On the occasion of the Rio Tinto AGM on Thursday, 14 April 2016 in London, Re:Common and the World Rainforest Movement released a report titled: “Rio Tinto’s biodiversity offset in Madagascar: Double landgrab in the name of biodiversity?”
In recent years mining companies have become actively engaged in promoting “biodiversity offsetting” as a way of “greening” the mining sector. The claim is that biodiversity destruction in one place can be “compensated” through the promise of restoring or protecting biodiversity elsewhere. One offset project in particular, the Rio Tinto QMM biodiversity offset in the Anosy region of south-eastern Madagascar, has been widely advertised as a biodiversity offset model for the mining industry.
Rio Tinto and its partners from the conservation sector assert that the company’s biodiversity conservation strategy will not only compensate for biodiversity loss but that mining will even have a “Net Positive Impact” on biodiversity in the end.
However, a joint Re:Common and WRM field investigation in 2015 found that the reality appears different from the picture presented in the glossy brochures distributed internationally. The groups insist that little information has been made available to communities about what biodiversity offsets projects actually are and villagers had not been informed that what had been presented to them as a “conservation project” was actually designed to compensate for Rio Tinto QMM’s ilmenite mine destroying unique and rare littoral forest near the city of Fort Dauphin, some 50 km to the south of the Bemangidy-Ivohibe biodiversity offset site.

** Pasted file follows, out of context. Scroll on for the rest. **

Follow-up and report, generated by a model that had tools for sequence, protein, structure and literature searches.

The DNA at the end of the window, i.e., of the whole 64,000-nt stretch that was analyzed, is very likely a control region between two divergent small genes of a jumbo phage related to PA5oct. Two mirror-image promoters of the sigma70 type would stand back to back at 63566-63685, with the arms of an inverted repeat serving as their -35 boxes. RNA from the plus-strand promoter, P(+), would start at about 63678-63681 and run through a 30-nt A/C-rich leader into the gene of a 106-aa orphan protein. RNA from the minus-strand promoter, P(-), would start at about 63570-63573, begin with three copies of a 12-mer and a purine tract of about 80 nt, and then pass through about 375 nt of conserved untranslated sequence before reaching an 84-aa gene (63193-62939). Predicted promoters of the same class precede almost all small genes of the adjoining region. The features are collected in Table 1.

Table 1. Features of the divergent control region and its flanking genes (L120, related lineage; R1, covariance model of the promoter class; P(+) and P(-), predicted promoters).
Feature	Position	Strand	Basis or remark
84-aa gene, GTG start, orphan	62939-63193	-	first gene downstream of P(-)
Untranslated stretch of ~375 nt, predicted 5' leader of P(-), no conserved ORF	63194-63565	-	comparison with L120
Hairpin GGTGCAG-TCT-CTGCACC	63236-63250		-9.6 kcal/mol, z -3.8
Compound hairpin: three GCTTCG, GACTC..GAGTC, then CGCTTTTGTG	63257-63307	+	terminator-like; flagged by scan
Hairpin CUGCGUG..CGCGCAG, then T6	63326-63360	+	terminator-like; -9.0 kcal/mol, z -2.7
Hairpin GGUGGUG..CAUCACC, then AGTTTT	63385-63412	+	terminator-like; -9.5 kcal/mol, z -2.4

Luca Manes of Re:Common declared in a statement: “Villagers at this biodiversity offset site felt that restrictions had been imposed without negotiation and with little regard for their situation. Their subsistence livelihoods are made even more precarious so Rio Tinto can increase its profits. A meeting with a conservation NGO involved in implementation of the biodiversity offset revealed that ethically deplorable methods have been used to ensure compliance with these restrictions on forest use.
“Income-generating alternatives to alleviate the loss of access to the forest had been promised but have yet to materialise while severe restrictions on community forest use are already in place and the only place left for villagers to grow their staple food, maonic, are the sand dunes.”
An affected villager was quoted as saying: “We are really suffering now because we had to stop cultivating there. We moved our cultivation into the dunes, but it’s so sandy there that growing anything is difficult. Plus they took our land and did not even compensate us. They said they would, but they never did. They provided micro-credit projects to maybe 10 people, with 60,000 Ariary (18 euros) each, but this is nothing to make a sustainable project.”